Thursday, March 5, 2015

Whiplash, Part II: Is This Any Way To Run A Music School?

Spoiler Alert: I will be talking about the outcome of Whiplash somewhere in this post.  Where, I can't really say, but I'm sure it'll come up.

In the last two weeks, I've missed three days of work due to inclement weather.  Namely ice storms, which is the Texas term for when the heavens open and dump tons of snow and sleet on the city, and then the temperature rattles down to way below freezing so that everything for miles around is evenly covered with a solid sheet of ice and it's basically impossible to leave your house without falling on the steps.  Now, I spent a goodly chunk of my formative years in Salt Lake City, where the whole valley fills up with clouds around about November 1 and just pretty much stays solidly socked in until March.  That's bad, too, but these Texas winters are just amazing.  The whole thing may sound like not so much if you live in Buffalo, New York or North Dakota or something, when you get seven feet of snow every time the governor sneezes, but when an ice storm like this hits, everything just grinds to a halt.  It has to.  You literally can't leave your house.

Fortunately, the power has stayed on the whole time (knock on Formica) and I have software that will let me load into my work computer, so I can get a few things done while I'm sitting in my kitchen.  Unfortunately, a lot of things I need to do my job are on my desk, or in the file room, or otherwise inaccessible.  So I end up working on stuff I need to do, but have been trying to avoid, like populating this table in Excel that lists and catalogs about 30,000 pages worth of documents generated by a certain business.  Or reading hundreds of pages of somebody's medical records and breaking them down into three talking points for a lawyer who's writing a complaint, Fun stuff like that.  All good, all important, all gotta be done, but not really the sort of thing I feel most proud of when somebody asks me why I do what I do.  Or whether or not a college degree really does any good in the long-term prospects for a job and a career.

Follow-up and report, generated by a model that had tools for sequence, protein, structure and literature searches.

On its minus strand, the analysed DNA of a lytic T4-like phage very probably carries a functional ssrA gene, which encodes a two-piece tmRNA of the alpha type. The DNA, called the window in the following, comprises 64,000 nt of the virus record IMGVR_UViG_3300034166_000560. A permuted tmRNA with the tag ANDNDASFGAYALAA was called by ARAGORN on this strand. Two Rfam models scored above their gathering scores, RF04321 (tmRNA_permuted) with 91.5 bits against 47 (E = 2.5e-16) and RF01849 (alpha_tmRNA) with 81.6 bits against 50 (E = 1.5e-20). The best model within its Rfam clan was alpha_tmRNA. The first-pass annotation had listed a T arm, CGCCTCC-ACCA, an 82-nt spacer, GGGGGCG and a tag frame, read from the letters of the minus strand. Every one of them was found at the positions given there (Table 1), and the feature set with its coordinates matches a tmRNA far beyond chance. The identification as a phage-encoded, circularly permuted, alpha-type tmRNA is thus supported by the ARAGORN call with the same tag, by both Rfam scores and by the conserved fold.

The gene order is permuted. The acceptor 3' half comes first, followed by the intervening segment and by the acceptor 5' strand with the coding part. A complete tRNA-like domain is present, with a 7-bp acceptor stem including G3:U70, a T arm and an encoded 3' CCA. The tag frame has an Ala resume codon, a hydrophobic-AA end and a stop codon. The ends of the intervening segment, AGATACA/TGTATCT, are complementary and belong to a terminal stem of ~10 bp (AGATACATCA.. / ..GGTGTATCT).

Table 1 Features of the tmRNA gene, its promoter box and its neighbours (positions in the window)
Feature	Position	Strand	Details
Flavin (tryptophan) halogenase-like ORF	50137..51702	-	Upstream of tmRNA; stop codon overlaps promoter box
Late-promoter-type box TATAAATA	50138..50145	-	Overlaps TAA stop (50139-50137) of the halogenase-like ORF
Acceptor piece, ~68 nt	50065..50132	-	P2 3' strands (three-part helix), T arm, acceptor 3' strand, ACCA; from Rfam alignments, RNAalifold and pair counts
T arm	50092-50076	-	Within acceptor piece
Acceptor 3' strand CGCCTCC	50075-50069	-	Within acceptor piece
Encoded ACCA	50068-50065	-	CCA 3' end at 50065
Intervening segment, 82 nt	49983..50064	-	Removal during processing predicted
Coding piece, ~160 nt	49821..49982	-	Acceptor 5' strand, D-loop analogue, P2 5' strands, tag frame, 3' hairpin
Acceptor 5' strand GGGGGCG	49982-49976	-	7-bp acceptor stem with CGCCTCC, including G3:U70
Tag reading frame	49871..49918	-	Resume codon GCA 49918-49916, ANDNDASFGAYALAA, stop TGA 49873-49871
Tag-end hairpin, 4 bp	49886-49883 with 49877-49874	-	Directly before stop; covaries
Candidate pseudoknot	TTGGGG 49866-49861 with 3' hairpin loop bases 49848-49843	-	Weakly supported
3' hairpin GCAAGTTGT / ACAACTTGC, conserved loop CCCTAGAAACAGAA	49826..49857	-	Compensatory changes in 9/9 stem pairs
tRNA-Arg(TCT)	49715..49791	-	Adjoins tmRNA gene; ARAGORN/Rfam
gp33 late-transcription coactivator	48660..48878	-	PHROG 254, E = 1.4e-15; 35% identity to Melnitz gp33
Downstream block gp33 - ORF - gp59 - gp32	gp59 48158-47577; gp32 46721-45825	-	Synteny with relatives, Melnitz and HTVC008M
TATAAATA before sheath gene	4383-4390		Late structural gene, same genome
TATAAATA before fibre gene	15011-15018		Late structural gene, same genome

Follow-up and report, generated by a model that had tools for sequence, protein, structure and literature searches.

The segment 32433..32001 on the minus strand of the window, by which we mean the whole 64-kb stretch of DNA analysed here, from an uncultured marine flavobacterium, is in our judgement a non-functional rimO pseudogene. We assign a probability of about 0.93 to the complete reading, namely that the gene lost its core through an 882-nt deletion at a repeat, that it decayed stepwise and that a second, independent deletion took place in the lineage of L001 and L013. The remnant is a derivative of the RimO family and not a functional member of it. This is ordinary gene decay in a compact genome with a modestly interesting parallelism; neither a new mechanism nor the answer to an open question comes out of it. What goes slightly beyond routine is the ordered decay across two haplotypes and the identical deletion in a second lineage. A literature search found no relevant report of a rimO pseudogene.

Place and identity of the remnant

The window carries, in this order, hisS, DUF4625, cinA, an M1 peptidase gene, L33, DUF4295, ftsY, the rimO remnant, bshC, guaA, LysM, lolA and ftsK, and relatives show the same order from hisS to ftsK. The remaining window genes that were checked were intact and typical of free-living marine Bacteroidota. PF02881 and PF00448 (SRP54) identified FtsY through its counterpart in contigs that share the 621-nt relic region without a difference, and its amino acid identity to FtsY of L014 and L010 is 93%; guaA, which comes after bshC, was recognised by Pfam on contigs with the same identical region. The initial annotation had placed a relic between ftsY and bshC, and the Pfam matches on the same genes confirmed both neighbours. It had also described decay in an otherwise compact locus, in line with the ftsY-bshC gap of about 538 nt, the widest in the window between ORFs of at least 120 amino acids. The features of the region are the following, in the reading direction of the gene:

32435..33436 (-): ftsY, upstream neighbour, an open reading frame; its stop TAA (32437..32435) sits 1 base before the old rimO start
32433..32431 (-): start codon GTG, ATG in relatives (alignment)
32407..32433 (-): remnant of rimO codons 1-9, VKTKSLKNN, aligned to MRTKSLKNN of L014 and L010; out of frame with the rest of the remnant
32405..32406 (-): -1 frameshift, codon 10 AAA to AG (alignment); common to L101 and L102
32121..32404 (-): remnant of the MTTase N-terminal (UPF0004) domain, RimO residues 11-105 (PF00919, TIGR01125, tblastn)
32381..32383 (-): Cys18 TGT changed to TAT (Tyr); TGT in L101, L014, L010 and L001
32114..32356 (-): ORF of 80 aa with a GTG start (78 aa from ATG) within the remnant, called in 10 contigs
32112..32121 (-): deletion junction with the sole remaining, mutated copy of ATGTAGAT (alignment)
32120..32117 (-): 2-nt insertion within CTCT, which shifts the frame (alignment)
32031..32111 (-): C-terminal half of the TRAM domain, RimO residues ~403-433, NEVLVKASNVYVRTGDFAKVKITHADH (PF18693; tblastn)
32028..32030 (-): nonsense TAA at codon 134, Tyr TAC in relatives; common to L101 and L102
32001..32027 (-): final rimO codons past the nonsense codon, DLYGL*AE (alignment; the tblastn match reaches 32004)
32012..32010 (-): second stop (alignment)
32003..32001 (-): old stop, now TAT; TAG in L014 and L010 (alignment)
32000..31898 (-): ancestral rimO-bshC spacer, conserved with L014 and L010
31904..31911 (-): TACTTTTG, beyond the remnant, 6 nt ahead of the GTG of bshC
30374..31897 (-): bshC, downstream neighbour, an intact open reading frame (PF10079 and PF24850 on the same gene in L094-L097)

Which brings us back to Whiplash (told you we'd get there), and the whole reason anybody goes to music school, vs. medical school or law school or guitar building school or any other old school, in the first place. (Like what I did there?)  About 2/3 of the way through Whiplash, after he's been thrown out of music school and Fletcher, the instructor, has been fired by the same music school, our protagonist meets up with Fletcher once again at a little jazz club where Fletcher is playing the piano.  Fletcher sees him, waves him over, buys him a drink, and there's some actual conversation, during which Fletcher explains himself, somewhat.  And what he has to say is actually very interesting.  He tells a few stories about legendary jazz artists and road blocks they hit along the way.  About how they screwed something up, made mistakes, were otherwise not at their best at this thing they were best at.  About how each one swore that whatever just happened would never happen again, and because of that, they became legendary jazz artists.  Fletcher says something like, "Do you know how Miles Davis got to be Miles Davis?  Because he never again let his horn be flat when he was playing with Dizzy Gillespie," or something like that (and yes, I know I just mixed up two eras, not to mention two instruments, but hey, jazz is not something I know a lot about, okay?)  Fletcher saw his role as a music teacher to be the obstacle, the guy everybody's afraid of, the guy who yells at you when you screw up so that you solemnly swear to yourself that it will never, ever happen again (and thus, later on, you achieve greatness).  He finishes his soliloquy by adding that the most ruinous words any music teacher ever speaks to a student are, "Good job."